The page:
CHESTER -- Demario Moore dropped out of school nine years ago when he became a father.
Now 25, with four boys of his own, Moore is trying to give his family a better life -- one brick at a time.
The Chester dad is one of 19 unemployed men who signed up for a new masonry class Tuesday morning at the Chester County Career Center. The course is designed to offer individuals on Chester's unemployment list the chance to learn a trade.
And every person who completes the class will be offered a job.
Digital Access for only $0.99
For the most comprehensive local coverage, subscribe today.
"It means food for my kids," said Moore, who now cares for his children at home while his girlfriend works at a local restaurant. "I can provide for them the way they should be (provided for)."
The course is a unique collaboration between the S.C. Employment Security Commission, local adult education, the career center and McGee Brothers, the Monroe, N.C., masonry company that has agreed to hire students who complete the course.
"Never had this kind of cooperation," said Ron Westbrook, a Chester adult education specialist whose job is to help people transition from school to a job, college or the military.
Westbrook said this is the first time he's ever seen a company agree to hire graduates of a high school or adult education course.
"It's the whole package," he said.
The class involves 150 hours of training and costs students nothing. David Brown, who teaches the career center's masonry course, will serve as the instructor. All materials have been donated.
The idea for the program emerged from several needs. Chester County's double-digit unemployment rate ranks fourth-worst in the state. Textiles, once the lifeblood of the county, have dried up.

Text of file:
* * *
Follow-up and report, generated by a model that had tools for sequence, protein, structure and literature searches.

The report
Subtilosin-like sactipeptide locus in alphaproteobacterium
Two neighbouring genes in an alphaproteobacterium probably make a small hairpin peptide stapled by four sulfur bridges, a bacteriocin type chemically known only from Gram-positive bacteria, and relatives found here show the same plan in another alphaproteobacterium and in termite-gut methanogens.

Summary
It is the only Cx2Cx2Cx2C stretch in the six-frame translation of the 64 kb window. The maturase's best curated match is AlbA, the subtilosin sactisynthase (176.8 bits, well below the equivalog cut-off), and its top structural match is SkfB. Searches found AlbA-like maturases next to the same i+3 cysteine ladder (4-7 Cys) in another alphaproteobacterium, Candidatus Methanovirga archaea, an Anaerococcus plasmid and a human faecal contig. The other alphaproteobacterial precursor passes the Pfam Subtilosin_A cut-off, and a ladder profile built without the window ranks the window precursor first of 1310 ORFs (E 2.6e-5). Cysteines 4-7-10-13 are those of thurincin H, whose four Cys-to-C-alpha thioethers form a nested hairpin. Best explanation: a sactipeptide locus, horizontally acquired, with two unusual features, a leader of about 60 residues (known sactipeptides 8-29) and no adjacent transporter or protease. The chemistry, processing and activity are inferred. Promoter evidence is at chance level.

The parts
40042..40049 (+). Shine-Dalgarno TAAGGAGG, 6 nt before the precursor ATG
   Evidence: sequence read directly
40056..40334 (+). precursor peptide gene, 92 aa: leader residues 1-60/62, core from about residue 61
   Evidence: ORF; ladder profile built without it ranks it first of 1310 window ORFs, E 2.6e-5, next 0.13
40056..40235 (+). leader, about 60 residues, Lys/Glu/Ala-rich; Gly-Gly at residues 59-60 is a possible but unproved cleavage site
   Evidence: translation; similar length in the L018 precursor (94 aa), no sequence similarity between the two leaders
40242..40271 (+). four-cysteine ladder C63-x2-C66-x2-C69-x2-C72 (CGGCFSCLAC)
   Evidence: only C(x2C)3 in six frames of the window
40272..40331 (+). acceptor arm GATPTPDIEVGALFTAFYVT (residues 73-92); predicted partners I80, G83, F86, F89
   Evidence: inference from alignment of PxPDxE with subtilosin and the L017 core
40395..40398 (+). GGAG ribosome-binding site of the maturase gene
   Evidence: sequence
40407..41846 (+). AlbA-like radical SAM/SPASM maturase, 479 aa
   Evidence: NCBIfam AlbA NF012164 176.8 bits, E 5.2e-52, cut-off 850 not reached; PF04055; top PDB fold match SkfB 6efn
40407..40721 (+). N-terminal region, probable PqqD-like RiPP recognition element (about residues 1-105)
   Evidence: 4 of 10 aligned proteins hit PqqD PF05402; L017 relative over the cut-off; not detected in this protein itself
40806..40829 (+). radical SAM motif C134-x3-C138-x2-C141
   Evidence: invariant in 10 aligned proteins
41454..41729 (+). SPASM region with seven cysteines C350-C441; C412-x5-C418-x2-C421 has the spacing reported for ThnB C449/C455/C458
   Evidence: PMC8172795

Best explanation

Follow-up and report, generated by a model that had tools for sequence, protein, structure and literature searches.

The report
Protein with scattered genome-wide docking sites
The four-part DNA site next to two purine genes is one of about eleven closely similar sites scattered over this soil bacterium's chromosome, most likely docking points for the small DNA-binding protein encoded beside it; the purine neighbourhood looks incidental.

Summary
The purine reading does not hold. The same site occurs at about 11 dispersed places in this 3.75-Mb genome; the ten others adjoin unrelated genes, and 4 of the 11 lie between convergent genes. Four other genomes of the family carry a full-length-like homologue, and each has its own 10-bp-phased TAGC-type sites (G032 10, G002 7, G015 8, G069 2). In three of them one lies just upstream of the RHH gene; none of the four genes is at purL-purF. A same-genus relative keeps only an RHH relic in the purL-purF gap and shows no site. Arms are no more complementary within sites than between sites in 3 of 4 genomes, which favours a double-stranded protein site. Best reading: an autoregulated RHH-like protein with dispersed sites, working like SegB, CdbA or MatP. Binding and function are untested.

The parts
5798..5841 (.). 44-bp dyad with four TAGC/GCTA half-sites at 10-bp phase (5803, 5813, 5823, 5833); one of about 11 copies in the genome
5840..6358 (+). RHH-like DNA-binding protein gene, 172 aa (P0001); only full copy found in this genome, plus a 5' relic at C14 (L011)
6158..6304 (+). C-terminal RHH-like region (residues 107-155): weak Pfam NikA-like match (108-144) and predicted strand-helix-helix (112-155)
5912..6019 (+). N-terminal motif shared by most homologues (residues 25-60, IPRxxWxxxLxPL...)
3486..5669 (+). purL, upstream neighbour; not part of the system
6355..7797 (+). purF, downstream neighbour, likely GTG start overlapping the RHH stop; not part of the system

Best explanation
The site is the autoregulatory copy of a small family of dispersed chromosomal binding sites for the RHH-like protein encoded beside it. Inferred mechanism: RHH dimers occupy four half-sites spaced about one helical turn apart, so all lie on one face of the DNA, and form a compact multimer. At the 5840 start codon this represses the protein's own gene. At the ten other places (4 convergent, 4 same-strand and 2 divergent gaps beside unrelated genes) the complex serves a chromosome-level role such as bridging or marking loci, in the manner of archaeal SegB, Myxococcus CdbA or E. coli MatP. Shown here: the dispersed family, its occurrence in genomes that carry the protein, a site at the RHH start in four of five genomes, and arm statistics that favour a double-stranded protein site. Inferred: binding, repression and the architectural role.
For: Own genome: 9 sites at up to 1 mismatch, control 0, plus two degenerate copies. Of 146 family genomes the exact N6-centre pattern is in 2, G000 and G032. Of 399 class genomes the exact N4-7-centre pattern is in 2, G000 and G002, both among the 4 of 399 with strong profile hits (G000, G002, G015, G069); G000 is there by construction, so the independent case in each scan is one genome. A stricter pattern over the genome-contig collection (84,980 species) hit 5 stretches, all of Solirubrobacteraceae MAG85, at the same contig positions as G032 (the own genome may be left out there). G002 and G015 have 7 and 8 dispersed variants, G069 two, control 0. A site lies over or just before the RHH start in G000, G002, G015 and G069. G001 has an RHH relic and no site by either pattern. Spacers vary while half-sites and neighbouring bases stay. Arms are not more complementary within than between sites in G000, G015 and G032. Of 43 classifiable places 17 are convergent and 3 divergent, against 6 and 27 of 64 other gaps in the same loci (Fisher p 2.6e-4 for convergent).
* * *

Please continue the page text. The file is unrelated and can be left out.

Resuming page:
At the same time, county leaders say growth is coming. They expect several housing developments to bring more than 12,000 residents to the county over the next 10 to 20 years.
Someone will have to build those houses, thought Sandy Andrews, the interim director of adult education in Chester County.
She wondered: Why not local people?
Andrews called a regional masonry association and was referred to Sam McGee, president of McGee Brothers, the largest masonry contractor in the country.
Staring at 19 jobless faces Tuesday, McGee told the men of the career that led him to leave a suit and tie and pick up a trowel.
"A lot of people thought that I had lost my mind," he said.
He told them about the artistic aspects of his craft and the people who came to work for him and found a successful, lucrative career. He spoke of recruiting everyone from a McDonald's cashier to an insurance salesman.
One of those listening was 53-year-old Henry Simmons, a Chester man who spent his life working with his hands, doing everything from masonry to electrical and mechanical work.
He was laid off two months ago and came to find out if McGee had an opening for someone who could operate heavy equipment.
The answer was yes.
"It's good to know there's some opportunity left," Simmons said.
Adult education leaders hope the course will serve as a pilot program and inspire collaborations with other businesses.
People like Moore just want a chance to work.
"So I can support my family."
BY THE NUMBERS
The percentage of residents who are unemployment in Chester County -- the fourth-worst in the state
The number of jobs lost in Chester County between 2002 and early 2007
The number of jobs that will be lost when Springs Global closes the last of its two South Carolina manufacturing plants near the end of this month. About a third of those workers live in Chester County.
Source: S.C. Employment Security Commission, Chester County economic development office